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Animal antics: The ominous onion

dogcat

I have a love/hate relationship with onions. On one hand, they are very tasty and make my casseroles taste oh so much better. On the other hand, they make my eyes water so badly that I have to continually dart out of the room when they are chopped or sautéed. I am so sensitive now that I am starting to get small asthma attacks from the vapor when they are cooked. But yet, I still do love them (especially batter and fried).

For dogs and cats, eating onions are an essential no-no. They contain a toxic chemical that causes issues with the red blood cells in the bloodstream. This leads to destruction of the blood cells and eventually anemia. Anemia means a decrease in the number of red blood cells that circulate in the bloodstream. The red cells carry oxygen to tissues and organs to help them function. In the worst cases of toxicity the body undergoes shock and even organ shutdown.

So how much onion is too much? Very few studies exist that determine the toxic dose (amount needed to cause illness) in dogs and cats. One study concluded that about 23 ounces of onions would cause problems in a 50-pound dog. That means a lot less could make a smaller dog or cat sick. More concentrated formulations, such as powders or dehydrated onions, may be even nastier on an ounce per ounce comparison.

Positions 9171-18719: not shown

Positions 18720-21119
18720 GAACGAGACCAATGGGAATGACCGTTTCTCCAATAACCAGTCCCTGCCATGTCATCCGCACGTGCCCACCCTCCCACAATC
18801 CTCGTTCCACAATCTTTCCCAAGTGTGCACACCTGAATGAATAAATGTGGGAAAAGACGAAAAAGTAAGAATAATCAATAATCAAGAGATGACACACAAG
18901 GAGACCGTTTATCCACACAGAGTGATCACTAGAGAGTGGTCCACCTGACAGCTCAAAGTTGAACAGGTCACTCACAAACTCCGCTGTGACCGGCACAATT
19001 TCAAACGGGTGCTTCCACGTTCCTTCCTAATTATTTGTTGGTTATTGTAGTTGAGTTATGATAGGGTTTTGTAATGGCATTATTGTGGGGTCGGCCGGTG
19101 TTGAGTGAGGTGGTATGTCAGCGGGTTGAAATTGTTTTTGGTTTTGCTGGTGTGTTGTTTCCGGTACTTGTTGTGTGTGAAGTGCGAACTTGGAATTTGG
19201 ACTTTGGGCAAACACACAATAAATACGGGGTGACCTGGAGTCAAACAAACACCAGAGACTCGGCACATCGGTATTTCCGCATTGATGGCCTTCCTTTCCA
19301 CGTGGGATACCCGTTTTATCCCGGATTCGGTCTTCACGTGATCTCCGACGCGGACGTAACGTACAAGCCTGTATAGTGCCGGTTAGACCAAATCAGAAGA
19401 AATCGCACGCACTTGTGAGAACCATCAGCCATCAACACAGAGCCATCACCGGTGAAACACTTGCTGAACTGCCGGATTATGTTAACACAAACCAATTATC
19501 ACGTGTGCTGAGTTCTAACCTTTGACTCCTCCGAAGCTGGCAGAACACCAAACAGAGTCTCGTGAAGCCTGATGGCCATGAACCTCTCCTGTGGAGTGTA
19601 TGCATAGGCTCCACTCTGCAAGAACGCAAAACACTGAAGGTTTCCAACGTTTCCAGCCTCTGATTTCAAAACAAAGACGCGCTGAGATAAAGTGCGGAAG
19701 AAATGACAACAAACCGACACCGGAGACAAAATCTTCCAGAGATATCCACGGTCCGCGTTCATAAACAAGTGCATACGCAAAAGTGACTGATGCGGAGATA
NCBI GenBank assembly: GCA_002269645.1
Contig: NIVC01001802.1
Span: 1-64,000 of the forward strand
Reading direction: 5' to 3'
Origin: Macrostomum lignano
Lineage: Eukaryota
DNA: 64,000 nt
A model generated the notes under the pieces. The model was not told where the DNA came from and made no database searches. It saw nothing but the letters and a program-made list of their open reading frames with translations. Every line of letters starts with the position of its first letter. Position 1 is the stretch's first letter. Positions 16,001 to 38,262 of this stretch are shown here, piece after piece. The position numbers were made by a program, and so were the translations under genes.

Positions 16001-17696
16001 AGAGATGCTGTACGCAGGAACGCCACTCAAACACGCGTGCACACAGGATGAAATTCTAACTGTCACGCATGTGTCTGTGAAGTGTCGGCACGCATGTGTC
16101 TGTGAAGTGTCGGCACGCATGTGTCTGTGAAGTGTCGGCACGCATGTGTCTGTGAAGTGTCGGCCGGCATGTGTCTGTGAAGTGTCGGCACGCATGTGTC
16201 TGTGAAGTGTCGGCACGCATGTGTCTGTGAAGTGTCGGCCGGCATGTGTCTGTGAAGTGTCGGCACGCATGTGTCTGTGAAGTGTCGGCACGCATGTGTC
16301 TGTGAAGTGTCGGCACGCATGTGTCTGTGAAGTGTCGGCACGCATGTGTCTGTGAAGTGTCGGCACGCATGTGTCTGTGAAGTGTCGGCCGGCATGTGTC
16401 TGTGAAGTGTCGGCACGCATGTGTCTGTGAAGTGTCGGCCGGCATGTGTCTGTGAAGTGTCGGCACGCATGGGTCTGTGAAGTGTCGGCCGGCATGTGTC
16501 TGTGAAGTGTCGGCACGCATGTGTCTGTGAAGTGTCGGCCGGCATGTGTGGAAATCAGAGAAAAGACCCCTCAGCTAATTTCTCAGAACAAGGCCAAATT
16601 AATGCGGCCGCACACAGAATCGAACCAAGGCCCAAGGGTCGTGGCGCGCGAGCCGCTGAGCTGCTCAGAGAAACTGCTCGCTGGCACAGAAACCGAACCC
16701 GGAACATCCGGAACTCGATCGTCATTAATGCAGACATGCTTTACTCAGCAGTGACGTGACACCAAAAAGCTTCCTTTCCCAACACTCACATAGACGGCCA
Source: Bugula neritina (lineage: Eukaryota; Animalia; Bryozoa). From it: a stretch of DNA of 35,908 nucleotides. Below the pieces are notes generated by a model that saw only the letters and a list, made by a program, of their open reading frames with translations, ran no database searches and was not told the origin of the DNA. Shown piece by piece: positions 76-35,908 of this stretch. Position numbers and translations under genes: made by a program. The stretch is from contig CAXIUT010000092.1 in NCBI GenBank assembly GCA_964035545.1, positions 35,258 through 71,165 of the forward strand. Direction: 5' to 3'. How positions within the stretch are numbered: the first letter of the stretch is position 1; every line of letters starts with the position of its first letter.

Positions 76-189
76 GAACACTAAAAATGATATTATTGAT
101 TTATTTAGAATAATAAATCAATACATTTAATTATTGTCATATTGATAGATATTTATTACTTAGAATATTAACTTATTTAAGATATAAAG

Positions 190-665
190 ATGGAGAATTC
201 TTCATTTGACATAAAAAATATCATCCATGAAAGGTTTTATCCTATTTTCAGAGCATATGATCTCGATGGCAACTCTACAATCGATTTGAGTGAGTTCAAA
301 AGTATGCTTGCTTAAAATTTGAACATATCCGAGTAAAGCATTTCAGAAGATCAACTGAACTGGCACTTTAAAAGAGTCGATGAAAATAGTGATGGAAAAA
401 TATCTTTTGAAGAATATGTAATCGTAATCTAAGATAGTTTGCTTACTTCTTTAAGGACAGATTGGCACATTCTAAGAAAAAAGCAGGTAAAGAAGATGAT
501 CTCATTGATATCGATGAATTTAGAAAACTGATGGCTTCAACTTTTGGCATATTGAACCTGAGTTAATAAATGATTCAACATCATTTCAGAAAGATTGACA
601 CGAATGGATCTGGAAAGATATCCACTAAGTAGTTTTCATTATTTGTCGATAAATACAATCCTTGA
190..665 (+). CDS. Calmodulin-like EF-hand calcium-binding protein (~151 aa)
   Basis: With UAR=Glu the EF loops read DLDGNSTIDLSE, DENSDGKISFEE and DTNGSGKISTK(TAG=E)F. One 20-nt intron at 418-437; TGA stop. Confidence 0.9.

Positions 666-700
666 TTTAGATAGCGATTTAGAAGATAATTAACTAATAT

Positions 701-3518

Essentials of onion toxicity:

  • Onions can be raw, cooked or powdered and still be toxic.
  • Cats may be more sensitive but both dogs and cats can get sick.
  • The anemia can be life threatening in severe cases.
  • The family of onions includes: onion, leek, shallots, garlic and chive.  All are considered toxic.
  • Avoid food cooked with garlic and baby foods that contain garlic powder.
  • If ingestion has occurred, seek veterinary help for physical exam and blood/urine tests.

Onions are widespread in foods, even in some baby foods. They enhance flavors and work well with a lot of spices. Consider what is in the meatloaf and salsa that we take for granted every day. My family eats garlic bread almost every week.  So many of our foods, and especially our prepared foods, contain this popular ingredient.

We have to be aware of what we give to our pets, considering that everyday foods for humans can be life threatening to our four-legged creatures. It is very tempting to just give a little scrap here or there, especially when they have such cute begging eyes. But stop yourself next time before giving in and dropping that morsel for Fido or Fluffy: could this be toxic?

Amanda Battaglia is a veterinarian who lives in Cameron Park.

Short URL: http://www.villagelife.com/?p=915

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Posted by on Nov 4 2010.
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